*Healthcare-Acquired Infections, also known as “Healthcare-Associated Infections”, “Nosocomial Infections” or “Hospital Infections”, are infection acquired by patients in healthcare facilities or appear after discharge from a healthcare facility and are not present or incubating at the time of admission. Their definition also extends to occupational infections among healthcare workers.
- WHO. Report on the burden of endemic Health Care-Associated Infection Worldwide. WHO. 2011.
- Zimlichman E, Henderson D, Tamir O et al. Health Care-Associated Infections: A Meta-analysis of Costs and Financial Impact on the US Health Care System. JAMA Intern Med 2013.
- Marchetti A, Rossiter R. Economic Burden of Healthcare-Associated Infection in US Acute Care Hospitals – Societal Perspective. J Med Econ 2013.
- Annual epidemiological report on communicable diseases in Europe 2008. Report on the state of communicable diseases in the EU and EEA/EETA countries. Stockholm, ECDC. 2008.
- Klevens RM, Edwards JR, Richards CL Jr et al. Estimating health care-associated infections and death in US hospitals, 2002. Public Health Reports 2007;27:817-824.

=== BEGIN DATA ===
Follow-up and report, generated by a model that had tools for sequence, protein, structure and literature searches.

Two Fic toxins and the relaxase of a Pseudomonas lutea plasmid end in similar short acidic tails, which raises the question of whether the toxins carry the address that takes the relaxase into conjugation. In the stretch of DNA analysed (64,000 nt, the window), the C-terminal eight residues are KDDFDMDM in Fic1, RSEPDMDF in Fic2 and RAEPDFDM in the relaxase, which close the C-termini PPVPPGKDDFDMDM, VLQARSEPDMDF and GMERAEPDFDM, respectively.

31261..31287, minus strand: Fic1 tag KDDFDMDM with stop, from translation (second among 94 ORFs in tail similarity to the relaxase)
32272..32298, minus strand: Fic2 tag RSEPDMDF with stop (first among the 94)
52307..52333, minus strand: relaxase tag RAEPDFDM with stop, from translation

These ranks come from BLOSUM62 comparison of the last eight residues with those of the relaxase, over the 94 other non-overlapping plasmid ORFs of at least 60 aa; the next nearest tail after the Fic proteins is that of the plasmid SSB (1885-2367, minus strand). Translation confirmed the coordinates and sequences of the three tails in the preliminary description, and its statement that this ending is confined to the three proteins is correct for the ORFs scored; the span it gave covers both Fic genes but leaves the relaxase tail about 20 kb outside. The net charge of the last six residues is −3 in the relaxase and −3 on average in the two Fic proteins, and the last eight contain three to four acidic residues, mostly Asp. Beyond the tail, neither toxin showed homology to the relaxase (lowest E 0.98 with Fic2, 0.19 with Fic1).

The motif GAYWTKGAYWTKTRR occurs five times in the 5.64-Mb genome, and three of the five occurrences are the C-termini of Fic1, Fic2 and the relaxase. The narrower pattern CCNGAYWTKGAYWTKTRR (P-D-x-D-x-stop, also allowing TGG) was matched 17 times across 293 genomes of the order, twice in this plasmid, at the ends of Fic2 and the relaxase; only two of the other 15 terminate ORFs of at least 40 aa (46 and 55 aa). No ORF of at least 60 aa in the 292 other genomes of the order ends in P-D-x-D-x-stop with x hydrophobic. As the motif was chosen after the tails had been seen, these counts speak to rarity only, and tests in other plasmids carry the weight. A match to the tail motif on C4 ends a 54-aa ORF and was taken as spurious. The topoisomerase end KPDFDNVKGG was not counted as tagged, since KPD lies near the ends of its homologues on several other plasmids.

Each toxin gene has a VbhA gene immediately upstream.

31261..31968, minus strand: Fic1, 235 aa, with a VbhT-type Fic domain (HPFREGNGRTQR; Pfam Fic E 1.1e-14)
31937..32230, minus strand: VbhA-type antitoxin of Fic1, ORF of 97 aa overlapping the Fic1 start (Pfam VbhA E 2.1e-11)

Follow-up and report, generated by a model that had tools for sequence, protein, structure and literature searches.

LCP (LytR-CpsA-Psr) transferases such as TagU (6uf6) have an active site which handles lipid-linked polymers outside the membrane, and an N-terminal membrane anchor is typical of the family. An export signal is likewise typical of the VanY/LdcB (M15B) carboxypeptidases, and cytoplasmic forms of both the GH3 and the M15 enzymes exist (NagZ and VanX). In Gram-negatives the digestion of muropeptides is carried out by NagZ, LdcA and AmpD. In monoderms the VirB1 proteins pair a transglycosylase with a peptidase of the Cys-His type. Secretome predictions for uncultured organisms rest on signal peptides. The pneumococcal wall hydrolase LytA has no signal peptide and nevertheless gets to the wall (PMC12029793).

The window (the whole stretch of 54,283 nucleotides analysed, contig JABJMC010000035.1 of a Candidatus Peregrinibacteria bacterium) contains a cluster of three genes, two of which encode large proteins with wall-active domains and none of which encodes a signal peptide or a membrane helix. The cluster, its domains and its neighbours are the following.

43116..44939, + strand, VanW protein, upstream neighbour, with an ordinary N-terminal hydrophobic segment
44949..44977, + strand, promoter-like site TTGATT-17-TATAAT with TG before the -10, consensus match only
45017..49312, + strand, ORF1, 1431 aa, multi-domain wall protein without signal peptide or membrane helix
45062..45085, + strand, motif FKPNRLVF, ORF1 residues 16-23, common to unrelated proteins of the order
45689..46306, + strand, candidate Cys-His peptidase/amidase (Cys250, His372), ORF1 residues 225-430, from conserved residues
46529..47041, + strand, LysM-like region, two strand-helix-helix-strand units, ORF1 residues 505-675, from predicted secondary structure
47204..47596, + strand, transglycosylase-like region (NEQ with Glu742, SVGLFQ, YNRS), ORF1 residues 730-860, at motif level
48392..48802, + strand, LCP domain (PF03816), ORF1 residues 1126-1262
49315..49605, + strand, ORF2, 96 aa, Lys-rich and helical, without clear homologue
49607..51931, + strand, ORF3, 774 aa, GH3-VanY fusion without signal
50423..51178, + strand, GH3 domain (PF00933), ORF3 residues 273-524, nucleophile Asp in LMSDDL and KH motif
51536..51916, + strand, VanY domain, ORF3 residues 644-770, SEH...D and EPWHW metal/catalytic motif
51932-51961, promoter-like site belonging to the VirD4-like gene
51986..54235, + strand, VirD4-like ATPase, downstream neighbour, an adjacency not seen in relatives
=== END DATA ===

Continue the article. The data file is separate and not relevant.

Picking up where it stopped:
8 thoughts on “Healthcare-Associated Infections (HAIs); at what cost?”
“…The prevalence of HAIs in Europe is around 7.1% with more than 4 million patients affected by approximately 4.5 million episodes of HAIs annually and leading to 16 million extra-days of hospital stay, 37,000 attributable deaths and contributing to an additional 110,000. In the US around 1.7 million patients are affected by HAIs annually with a prevalence of 4.5% and accounting for 99,000 deaths…” Shocking and yet still we allow workers not to follow rules and guidelines. What is it that explains the difference between Europe and the US?
We all know that just following the rules and guidelines will bring down these numbers by 30%. I feel that there are no excuses not to do so; we still accept bad outcomes and gigantic costs and we know how to prevent them!
Dear Henk, the difference between the prevalence rates in the US and Europe could be due to a number of reasons, including: how the data is collected, how HAIs were defined and surveyed, and which HAIs were included in the various studies from which the 7.1 and 4.5% figures were derived. The ECDC report derived the 7.1% prevalence rate from a number of prevalence surveys on HAIs in various European countries and the prevalence range was 3.5-10.5%. Hence, aside from the various limitations and differences in these surveys, there are differences in rates within Europe itself.